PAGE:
Collier's New Encyclopedia (1921)/Dallas
DALLAS, a city and county-seat of Dallas co., Tex.; on the Trinity River, and the Gulf, Colorado and Santa Fé, the Houston and Texas Central, the Missouri, Kansas and Texas, the Texas and Pacific, Chicago, Rock Island and Gulf, the St. Louis Southwestern, the St. Louis and San Francisco, and other railroads; 32 miles E. of Fort Worth. It is the metropolis of N. Texas, and although comparatively a young city, is well laid out and substantially built. Area, 19 square miles.
Business Interests.—Dallas is in the great grain belt of the State, and has large cotton, mining, manufacturing, and commerical interests. It is the leading manufacturing city of the State, and it is also the largest inland cotton market in the United States, handling over 1,500 bales of spot cotton yearly. The principal articles were cotton machinery, leather goods, shoes, dressed meat, cotton goods, foundry and machine-shop products, cement and clothing. There were in 1920 5 National banks, and several private banking houses. The assessed real and personal property valuation in 1919 was $103,587,650.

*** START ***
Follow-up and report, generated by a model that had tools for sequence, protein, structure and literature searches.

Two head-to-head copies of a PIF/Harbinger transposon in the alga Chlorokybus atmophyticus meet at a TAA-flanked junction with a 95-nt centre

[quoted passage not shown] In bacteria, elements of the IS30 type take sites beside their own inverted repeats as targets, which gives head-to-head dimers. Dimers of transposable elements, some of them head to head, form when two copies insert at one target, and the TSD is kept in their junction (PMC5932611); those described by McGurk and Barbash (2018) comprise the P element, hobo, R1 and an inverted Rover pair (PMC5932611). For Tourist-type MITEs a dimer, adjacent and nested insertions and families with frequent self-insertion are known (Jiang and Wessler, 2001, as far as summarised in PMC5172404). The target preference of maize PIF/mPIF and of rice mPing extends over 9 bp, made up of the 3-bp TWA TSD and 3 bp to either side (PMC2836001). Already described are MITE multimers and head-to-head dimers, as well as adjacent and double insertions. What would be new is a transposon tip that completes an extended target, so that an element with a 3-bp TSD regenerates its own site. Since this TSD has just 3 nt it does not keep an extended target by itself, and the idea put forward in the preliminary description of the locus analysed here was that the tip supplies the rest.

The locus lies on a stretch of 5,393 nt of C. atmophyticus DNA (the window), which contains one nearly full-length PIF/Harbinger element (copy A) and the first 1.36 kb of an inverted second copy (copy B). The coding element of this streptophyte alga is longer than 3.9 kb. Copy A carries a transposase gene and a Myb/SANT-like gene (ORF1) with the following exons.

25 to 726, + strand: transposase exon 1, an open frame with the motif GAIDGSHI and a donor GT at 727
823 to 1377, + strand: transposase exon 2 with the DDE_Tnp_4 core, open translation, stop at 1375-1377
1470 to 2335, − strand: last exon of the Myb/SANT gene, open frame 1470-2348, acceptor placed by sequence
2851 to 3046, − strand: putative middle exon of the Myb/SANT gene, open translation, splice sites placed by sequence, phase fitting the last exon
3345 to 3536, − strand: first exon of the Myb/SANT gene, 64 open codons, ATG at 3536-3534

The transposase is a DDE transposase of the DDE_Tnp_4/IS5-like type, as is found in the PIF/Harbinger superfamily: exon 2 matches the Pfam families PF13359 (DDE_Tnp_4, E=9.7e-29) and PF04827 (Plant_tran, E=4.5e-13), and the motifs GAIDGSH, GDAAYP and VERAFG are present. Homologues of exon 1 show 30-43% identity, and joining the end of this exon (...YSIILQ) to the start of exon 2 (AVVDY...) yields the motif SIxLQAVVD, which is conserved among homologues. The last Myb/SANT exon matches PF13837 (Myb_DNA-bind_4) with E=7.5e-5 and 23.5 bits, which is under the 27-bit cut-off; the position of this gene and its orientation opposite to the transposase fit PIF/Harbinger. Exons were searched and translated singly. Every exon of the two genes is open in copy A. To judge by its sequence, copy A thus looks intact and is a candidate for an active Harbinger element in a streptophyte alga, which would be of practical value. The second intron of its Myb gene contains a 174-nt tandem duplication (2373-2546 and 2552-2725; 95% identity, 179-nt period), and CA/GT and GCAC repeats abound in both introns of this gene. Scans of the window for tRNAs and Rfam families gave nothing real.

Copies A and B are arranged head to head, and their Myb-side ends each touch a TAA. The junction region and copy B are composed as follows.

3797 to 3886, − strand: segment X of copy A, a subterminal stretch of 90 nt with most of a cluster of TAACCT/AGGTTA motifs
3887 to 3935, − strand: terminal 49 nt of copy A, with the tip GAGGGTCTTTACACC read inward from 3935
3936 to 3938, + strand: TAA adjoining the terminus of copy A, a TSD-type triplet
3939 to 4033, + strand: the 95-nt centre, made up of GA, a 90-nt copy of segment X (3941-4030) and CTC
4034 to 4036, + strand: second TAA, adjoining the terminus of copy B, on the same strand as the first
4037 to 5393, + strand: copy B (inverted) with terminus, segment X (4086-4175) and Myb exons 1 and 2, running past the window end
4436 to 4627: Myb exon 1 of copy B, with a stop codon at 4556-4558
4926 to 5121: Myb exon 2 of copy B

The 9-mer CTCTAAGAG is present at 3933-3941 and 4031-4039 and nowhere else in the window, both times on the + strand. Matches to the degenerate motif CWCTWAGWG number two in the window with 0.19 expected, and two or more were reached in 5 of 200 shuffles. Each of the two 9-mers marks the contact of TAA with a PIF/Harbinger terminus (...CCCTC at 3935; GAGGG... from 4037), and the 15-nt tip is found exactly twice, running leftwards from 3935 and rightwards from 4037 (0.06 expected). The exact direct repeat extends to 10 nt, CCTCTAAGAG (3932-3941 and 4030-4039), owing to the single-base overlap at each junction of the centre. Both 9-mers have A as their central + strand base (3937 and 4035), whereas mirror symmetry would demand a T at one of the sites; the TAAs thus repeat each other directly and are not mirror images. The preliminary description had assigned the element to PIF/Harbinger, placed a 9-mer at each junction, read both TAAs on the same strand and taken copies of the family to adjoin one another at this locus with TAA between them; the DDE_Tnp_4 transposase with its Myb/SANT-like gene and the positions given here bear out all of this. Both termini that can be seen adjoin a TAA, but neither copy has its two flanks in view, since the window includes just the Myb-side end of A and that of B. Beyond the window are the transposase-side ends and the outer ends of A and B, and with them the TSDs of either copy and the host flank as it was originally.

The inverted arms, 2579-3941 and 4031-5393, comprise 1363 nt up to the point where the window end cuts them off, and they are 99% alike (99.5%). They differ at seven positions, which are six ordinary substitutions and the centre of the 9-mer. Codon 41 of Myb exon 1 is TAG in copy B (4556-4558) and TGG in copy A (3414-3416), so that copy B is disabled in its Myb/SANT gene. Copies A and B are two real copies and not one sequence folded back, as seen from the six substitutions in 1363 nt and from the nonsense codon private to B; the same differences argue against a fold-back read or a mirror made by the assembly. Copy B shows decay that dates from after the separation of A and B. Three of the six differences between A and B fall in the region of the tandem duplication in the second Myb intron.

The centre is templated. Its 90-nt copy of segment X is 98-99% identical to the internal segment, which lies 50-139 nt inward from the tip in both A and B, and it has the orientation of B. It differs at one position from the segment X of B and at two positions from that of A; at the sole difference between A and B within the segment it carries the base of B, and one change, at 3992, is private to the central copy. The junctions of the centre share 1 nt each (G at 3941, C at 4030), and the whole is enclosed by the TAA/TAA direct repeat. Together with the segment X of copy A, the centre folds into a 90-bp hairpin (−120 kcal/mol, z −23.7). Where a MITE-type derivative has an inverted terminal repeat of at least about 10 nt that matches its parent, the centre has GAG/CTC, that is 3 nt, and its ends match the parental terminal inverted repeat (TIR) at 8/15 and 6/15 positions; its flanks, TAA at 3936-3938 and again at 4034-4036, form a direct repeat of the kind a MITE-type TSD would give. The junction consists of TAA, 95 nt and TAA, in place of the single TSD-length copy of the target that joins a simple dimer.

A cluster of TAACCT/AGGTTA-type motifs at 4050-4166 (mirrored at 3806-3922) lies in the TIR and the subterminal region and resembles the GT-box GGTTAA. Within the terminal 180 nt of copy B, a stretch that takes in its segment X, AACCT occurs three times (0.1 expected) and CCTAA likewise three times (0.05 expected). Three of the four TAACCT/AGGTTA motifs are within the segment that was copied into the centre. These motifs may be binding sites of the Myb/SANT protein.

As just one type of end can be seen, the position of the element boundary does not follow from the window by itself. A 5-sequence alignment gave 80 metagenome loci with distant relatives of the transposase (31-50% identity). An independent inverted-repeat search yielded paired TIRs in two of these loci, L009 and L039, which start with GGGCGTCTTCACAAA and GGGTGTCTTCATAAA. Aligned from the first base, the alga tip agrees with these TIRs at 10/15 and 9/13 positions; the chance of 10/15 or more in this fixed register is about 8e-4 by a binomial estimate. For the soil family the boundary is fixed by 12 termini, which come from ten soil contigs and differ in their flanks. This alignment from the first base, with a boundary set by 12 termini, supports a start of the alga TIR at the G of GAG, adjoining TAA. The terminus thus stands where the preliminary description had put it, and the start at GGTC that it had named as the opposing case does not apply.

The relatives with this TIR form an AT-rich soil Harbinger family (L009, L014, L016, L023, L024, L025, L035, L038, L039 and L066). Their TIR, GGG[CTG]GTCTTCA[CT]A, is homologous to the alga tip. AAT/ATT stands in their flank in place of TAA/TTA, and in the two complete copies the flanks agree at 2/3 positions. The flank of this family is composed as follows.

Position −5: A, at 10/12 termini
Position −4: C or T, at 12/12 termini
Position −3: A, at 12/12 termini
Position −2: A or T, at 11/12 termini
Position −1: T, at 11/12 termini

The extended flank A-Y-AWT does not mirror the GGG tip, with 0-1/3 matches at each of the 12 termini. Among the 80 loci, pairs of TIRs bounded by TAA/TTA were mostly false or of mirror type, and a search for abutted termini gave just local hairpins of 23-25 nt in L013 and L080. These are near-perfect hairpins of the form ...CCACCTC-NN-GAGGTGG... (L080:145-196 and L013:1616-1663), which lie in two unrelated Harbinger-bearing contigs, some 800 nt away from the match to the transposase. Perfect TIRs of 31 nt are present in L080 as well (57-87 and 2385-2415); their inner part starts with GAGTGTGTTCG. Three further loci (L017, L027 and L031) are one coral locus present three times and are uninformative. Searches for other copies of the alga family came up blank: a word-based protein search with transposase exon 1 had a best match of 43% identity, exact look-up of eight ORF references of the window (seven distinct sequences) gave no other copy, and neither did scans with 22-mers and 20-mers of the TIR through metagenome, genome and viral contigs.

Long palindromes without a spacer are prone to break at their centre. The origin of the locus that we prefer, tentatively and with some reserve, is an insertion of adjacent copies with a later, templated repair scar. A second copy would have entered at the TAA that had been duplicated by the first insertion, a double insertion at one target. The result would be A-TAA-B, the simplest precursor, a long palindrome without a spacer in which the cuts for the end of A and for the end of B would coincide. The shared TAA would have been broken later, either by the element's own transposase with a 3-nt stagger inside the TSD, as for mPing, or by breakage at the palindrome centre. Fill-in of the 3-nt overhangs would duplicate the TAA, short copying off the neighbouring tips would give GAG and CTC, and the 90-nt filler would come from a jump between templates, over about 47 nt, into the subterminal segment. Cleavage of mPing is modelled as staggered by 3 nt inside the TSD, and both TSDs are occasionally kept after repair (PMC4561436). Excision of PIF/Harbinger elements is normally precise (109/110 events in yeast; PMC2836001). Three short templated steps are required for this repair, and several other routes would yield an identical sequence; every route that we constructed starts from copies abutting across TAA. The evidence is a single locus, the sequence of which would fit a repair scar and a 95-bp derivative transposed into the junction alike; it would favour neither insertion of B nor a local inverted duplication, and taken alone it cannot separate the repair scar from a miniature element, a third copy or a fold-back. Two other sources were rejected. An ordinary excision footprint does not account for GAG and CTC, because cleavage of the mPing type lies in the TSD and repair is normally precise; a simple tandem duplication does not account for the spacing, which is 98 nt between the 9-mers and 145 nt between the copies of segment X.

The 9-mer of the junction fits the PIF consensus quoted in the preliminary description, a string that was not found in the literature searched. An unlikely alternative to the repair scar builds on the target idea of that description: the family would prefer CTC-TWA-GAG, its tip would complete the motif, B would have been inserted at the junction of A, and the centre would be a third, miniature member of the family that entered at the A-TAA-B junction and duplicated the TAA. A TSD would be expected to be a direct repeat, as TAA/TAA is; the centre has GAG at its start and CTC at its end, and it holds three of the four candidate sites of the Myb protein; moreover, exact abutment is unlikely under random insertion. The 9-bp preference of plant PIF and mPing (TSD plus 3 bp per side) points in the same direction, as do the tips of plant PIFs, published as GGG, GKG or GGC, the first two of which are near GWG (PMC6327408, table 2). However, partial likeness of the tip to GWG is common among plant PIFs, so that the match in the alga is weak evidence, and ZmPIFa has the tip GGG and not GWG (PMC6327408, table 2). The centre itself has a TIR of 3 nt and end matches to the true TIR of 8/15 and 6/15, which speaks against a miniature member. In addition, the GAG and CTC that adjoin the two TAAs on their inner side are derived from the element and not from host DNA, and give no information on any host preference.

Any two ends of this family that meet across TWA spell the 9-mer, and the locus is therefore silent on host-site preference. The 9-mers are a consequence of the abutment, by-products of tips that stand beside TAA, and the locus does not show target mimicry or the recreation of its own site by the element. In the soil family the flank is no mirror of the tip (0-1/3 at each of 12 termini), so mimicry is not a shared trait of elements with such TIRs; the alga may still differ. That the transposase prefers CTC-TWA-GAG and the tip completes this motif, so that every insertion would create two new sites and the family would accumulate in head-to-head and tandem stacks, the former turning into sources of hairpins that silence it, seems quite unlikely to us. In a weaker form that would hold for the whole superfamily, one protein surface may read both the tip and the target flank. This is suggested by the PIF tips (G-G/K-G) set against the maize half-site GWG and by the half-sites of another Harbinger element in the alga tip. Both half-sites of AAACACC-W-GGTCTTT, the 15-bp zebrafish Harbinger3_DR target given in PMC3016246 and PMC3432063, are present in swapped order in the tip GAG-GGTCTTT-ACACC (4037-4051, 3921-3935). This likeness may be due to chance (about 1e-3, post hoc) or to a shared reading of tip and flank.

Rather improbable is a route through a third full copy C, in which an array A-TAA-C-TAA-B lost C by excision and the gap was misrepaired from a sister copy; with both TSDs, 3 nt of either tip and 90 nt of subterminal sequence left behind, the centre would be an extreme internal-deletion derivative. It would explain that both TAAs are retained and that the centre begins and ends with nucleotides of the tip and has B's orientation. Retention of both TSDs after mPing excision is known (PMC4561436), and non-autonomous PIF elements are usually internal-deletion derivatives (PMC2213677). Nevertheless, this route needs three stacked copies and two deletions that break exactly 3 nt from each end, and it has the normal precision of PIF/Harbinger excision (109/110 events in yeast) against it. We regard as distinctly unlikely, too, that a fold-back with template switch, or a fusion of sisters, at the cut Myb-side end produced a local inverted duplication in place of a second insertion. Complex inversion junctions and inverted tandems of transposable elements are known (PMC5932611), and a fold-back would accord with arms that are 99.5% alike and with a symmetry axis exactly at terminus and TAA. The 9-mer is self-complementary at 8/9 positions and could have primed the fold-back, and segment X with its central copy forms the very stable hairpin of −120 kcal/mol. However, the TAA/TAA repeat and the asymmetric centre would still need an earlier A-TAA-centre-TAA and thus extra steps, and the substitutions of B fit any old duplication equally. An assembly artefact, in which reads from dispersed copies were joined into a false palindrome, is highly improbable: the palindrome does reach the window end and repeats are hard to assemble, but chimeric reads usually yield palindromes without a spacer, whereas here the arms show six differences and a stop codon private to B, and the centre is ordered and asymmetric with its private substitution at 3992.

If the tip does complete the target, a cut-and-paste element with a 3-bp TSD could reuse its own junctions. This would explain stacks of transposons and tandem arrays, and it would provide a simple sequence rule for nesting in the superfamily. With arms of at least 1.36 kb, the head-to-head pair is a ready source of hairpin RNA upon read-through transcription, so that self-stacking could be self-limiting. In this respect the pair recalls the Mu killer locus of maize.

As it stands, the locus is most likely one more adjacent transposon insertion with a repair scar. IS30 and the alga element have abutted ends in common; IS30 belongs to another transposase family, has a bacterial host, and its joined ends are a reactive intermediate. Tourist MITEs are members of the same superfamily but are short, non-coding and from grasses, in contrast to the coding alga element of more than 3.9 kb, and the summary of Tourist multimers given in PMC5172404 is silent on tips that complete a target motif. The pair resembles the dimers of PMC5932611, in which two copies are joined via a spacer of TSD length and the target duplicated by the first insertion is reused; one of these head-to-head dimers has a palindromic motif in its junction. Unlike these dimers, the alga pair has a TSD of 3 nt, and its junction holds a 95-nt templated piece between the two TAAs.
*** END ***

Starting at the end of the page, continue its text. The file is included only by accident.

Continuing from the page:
Public Interests.—In 1919 the city had 342 miles of streets, of which 152 miles were paved; 218 miles of water mains; and electric light and water plants, the latter owned by the city. Among the prominent buildings are the Catholic and Episcopal churches, the United States Court-house, the Texas State Fair and Dallas Exposition buildings. Cathedral of the Sacred Heart (R. C.), Cathedral of St. Matthew (P. E.), Ursuline Convent, St. Mary's Orphanage, St, Paul's Sanitarium (all R. C.), and St. Mary's College (P. E.). Dallas is the seat of the Southern Methodist University, and has hospitals, and a park system of nearly 800 acres. There is a boulevard system of over 60 miles. There are over 25,000 pupils in the public schools, and the annual cost of maintaining the school system is about $850,000. Pop. (1910) 92,104; (1920) 158,976.